MOGADISHU, Somalia (AP) - Rival pirates and militia groups have fought for control over a British couple held hostage for more than a week, an Islamic militia commander and a local elder said Monday. The couple were not injured in the fighting.
Meanwhile, a U.S.-flagged cargo vessel with 21 Americans aboard came under gunfire from suspected Somali pirates but managed to escape, a U.S. Navy spokesman said.
Elders sent local fighters to thwart an attempt by some of the pirates holding the couple to take them to an extremist Islamic group, said a commander of a rival moderate Islamic militia who gave his name only as Ilka'ase.
"We did not want the pirates to use our territory to hold hostages or hand them over to another group. We took up arms with the help of (the moderate Islamic group) Ahlu Sunna Waljama and opposed" the other group, said Hussein Mohamed Kahiye, a clan elder in the central Somali village of Bahdo.
It was not possible to independently verify the reported fight over the British couple. The couple had been held on a ship at sea, but Kahiye said the couple were now in the coastal areas and traveling in two minibuses and an all-terrain vehicle.
A pirate claiming to speak on behalf of the group holding the British couple had said on Saturday that they want a $7 million ransom to release Paul and Rachel Chandler. The British government has said it would not pay a ransom.
The Chandlers were headed to Tanzania in their yacht, the Lynn Rival, when a distress signal was sent Oct. 23. The British navy found their empty yacht last Thursday, and the Chandlers have been in sporadic contact with the British media since.
Also Monday, the MV Harriette was targeted by pirates aboard two skiffs about 360 nautical miles off Mombasa, Kenya, Lt. Nate Christensen said. The pirates - about six in each craft - came within 3 feet (a meter) of the cargo vessel but were unable to board, Christensen said from U.S. 5th Fleet headquarters in Bahrain.
No one on the U.S. ship was injured, he said, and no other details of the incident were available from the U.S. Navy, which is part of anti-piracy patrols off the Horn of Africa.
A security officer with Sealift Inc., the company that operates the MV Harriette, said the captain steered the ship to prevent the pirates getting on board and drew fire from the pirates.
The captain, "was able to turn away from the boat, he was able to maneuver to keep the small boats far away so that they could not get a ladder on the boat (MV Harriette)," John Belle told The Associated Press from the company's headquarters in Oyster Bay, N.Y.
"After they attempted to board and they were unsuccessful ... they did fire. No one was injured. Some of the rounds hit the lifeboat of the ship," Belle said. He said the attack ended within 25 minutes.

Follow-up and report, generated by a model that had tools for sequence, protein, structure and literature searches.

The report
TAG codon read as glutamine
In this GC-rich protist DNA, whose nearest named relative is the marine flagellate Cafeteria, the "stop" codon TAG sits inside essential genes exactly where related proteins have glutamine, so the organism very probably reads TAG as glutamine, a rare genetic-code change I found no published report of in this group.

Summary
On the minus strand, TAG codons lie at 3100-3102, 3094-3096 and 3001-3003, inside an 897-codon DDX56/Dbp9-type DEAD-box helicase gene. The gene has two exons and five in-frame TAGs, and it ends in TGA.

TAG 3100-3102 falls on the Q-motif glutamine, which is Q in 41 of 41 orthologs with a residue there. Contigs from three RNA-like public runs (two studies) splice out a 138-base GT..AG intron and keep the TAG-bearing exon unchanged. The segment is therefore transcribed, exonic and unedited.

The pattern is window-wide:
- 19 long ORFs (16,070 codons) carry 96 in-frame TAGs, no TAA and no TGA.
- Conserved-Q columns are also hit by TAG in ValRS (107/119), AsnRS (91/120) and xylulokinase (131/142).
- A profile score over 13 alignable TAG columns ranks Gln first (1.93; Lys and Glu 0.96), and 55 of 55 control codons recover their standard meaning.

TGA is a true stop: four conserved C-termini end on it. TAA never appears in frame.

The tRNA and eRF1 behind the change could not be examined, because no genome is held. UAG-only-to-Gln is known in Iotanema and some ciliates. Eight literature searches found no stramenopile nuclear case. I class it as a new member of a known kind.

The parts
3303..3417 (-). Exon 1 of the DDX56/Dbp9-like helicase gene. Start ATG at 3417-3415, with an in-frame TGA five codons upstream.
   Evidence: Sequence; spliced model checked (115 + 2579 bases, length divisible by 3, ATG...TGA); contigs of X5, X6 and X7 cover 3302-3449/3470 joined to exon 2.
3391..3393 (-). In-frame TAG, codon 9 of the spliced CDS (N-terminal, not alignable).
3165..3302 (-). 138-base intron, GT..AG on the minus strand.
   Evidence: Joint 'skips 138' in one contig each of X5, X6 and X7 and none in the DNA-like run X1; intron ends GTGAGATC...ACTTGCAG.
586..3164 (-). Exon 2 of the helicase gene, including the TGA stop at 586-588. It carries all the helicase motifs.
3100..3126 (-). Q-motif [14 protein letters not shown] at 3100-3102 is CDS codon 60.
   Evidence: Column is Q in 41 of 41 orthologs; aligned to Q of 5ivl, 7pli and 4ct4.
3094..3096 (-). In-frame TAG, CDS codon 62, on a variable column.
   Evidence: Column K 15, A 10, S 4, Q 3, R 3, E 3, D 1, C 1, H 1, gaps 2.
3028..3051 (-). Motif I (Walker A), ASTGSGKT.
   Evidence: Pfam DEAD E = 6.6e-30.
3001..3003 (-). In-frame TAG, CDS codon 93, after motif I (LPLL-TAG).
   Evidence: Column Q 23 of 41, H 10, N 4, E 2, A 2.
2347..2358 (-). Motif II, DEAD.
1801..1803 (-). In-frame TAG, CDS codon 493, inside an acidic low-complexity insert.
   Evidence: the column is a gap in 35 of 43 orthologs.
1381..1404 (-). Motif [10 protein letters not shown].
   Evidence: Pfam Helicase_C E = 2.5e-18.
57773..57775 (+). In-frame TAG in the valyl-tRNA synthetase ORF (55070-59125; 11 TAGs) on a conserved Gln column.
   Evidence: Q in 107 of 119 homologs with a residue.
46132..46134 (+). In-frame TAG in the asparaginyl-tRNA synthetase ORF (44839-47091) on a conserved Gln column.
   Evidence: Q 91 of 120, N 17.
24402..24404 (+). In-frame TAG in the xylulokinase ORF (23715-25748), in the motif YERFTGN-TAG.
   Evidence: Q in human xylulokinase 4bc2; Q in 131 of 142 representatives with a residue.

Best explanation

Belle said the Harriette has a 21-member crew who are all Americans. The ship had offloaded U.S. food aid at the Kenyan port of Mombasa, where it had been since Oct. 20. The Harriette had set sail for Mumbai, India on Sunday, Belle said.
The attack came a day after a Norwegian warship clashed with suspected Somali pirates, the European Union's anti-piracy force said.
A statement from the force said a team from Norwegian warship HNOMS Fridjof Nansen on Sunday went to talk to the crew of four fishing boats near Alula, a northeastern Somali coastal village known for piracy.
The crew on the first three boats cooperated but when the Norwegian team approached the fourth boat, shots were fired at them. The team fired in self-defense and retreated to avoid further violence, the statement said.
Alula village head Hareed Issa Omar claimed the Norwegian team fired first, killing a Somali and a Yemeni man - whom he said were fishermen and not pirates.
Norwegian military spokesman John Espen Lien said Monday that Norway was "not able to confirm or deny" allegations by local authorities that two men were killed.
Lien added that the Norwegian navy was escorting a cargo ship transporting U.N. World Food Program food aid to Somalia.
The Horn of Africa nation does not have a navy or coast guard because it has not had an effective central government for 18 years. Warlords overthrew longtime dictator Mohamed Siad Barre in 1991. They then turned on each other, plunging Somalia into chaos and anarchy and creating the lawlessness that has allowed piracy to flourish off the country's coast.
Pirates attacks in 2009 already have exceeded last year's total off the Horn of Africa, an international maritime watchdog group reported last month.
A total of 306 attacks were reported between January and September, surpassing the 293 incidents recorded throughout 2008, according to a statement released by the International Maritime Bureau's piracy reporting center in Kuala Lumpur, Malaysia.